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$19.1 billion in nationwide disaster aid stalls after single House Republican objects

25 May 2019

At the time, Roy explained if he did not object, "Congress will have passed into law a bill that spends $19 billion of taxpayer money without members of Congress being present in our nation's capital to vote on it".

When the House returns from a week-long Memorial Day recess it is expected to bring the legislation back to the House floor for likely passage.

The Senate was able to pass the bill by an 85-8 vote before its members left Thursday evening.

The conservative Republican single-handedly blocked approval of a $19.1 billion relief bill Friday for regions around the USA recovering from hurricanes and other disasters.

The full House is not due back in Washington until June 3.

Under House rules, it only took one opposing member to derail the vote.

"House Republicans' last-minute sabotage of an overwhelmingly bipartisan disaster relief bill is an act of staggering political cynicism", Pelosi said.

Rep. Roy, a member of the House Freedom Caucus, objected to a unanimous consent vote, which would allow the bill to pass without having every congressman vote on the bill itself.

"It is a bill that that includes nothing to address the global emergency and humanitarian crisis we face at our southern border", Roy said. He told his congressional colleagues that the US needed to "have a responsive and fiscally responsive approach to help people who are hurting in the wake of natural disasters" but that he did not want "to let the swamp continue to mortgage the future of our children and grandchildren".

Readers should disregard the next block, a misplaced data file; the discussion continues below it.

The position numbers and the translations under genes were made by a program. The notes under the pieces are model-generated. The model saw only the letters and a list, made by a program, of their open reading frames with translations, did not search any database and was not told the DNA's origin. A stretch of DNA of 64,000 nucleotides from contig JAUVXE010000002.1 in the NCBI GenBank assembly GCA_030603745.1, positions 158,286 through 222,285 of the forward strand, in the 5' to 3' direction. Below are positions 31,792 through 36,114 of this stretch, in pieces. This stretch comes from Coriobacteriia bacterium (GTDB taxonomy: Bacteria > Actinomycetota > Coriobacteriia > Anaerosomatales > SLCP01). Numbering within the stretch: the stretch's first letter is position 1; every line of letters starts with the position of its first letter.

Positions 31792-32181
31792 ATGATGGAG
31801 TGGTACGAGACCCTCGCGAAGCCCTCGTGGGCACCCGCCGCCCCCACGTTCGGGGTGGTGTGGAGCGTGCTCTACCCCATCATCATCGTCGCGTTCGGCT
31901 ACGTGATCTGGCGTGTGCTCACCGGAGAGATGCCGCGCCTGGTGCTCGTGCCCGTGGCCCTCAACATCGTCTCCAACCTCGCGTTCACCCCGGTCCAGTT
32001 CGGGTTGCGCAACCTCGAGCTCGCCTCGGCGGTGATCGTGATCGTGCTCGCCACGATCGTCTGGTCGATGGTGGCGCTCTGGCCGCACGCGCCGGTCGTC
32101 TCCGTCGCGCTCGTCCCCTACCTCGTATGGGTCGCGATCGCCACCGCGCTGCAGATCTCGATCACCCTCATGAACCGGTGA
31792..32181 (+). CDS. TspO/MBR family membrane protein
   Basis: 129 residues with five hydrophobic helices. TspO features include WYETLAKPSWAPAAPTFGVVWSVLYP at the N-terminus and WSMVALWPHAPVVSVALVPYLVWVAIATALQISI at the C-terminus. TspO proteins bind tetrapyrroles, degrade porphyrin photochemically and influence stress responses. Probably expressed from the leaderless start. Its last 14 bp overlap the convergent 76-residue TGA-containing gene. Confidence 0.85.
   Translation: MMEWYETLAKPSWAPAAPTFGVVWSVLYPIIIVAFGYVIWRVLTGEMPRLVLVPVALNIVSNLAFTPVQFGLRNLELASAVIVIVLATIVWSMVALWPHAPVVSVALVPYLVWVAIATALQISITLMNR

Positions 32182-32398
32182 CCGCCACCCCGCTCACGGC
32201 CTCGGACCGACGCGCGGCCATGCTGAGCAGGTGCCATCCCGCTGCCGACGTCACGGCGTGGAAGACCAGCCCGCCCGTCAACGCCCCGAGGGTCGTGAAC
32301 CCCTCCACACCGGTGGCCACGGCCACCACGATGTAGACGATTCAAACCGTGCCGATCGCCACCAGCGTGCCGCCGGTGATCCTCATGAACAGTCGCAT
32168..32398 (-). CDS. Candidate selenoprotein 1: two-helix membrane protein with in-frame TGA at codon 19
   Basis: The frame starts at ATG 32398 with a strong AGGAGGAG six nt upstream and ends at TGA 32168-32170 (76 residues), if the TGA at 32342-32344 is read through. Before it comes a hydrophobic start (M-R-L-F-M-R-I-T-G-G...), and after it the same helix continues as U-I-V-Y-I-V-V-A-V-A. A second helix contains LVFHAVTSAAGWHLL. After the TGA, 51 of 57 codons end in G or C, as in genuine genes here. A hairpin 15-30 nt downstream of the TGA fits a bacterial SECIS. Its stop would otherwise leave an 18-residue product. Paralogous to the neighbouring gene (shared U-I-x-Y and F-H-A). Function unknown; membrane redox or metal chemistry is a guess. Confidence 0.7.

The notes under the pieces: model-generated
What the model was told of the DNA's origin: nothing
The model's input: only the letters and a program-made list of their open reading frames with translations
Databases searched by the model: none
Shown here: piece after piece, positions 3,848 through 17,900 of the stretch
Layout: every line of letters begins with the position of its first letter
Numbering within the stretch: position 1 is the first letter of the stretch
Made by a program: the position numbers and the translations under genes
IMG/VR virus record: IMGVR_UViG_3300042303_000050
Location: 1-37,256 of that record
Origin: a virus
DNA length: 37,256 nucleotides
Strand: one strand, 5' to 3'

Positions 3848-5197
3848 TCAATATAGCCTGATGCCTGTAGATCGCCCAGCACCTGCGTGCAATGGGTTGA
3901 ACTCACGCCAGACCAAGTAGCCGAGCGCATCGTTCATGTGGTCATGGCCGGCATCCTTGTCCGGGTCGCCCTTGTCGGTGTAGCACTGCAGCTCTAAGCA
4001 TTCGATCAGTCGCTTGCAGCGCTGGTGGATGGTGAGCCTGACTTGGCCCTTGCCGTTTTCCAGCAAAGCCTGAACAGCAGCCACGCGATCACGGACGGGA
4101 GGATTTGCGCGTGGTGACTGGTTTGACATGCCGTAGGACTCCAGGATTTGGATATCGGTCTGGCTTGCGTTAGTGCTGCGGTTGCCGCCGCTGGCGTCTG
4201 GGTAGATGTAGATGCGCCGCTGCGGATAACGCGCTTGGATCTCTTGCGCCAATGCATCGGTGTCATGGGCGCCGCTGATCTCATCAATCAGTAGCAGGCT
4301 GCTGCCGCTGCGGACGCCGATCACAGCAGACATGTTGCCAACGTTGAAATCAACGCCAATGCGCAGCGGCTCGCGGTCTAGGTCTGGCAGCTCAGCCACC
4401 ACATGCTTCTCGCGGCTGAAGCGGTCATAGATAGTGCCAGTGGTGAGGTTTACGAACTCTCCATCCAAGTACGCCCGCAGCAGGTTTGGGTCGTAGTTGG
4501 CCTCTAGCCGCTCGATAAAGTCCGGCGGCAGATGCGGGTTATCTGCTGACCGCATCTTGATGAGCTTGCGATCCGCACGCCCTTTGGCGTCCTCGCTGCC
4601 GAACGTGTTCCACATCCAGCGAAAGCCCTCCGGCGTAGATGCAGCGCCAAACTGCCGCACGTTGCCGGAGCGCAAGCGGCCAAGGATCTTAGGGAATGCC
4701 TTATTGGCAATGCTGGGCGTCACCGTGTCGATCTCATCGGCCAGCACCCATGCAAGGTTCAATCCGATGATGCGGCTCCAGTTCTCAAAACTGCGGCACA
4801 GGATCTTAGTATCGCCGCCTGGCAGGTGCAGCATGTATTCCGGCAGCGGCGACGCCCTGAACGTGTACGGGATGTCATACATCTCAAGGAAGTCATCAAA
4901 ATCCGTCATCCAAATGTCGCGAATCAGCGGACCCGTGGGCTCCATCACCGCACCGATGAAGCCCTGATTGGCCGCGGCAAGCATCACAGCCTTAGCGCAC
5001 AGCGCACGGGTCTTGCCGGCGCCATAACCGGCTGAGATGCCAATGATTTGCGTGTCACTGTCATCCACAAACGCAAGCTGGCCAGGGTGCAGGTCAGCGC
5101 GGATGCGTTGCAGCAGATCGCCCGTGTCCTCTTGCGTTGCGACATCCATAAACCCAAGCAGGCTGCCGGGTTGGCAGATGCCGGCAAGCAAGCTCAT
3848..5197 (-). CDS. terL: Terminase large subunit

Railing against the "swamp", Roy objected to speeding the measure through a nearly-empty chamber, complained it wasn't paid for and challenged a decision not to include President Trump's $4.5 billion request for dealing with the migrant crisis on the U.S. -Mexico border. "We should have had a vigorous debate and we should have a debate about why we're not securing the border and why we're spending money we don't have", he added.

Senator Lindsey Graham has shown great loyalty to President Donald Trump over the past two years or so, particularly in what critics see as a shameless and diametric rhetorical difference from what the SC senator said of then-candidate Trump during the GOP primaries.

Disagreements on how much funding to give Puerto Rico - which is still recovering from Hurricane Maria - have already delayed the bill.

The border money was just one of the hiccups in the disaster bill.

She later tweeted it was "irresponsible that Republicans would object and make these Americans wait longer to receive the help they desperately need".

House Speaker Nancy Pelosi denounced the action as an example of Republican obstructionism.

$19.1 billion in nationwide disaster aid stalls after single House Republican objects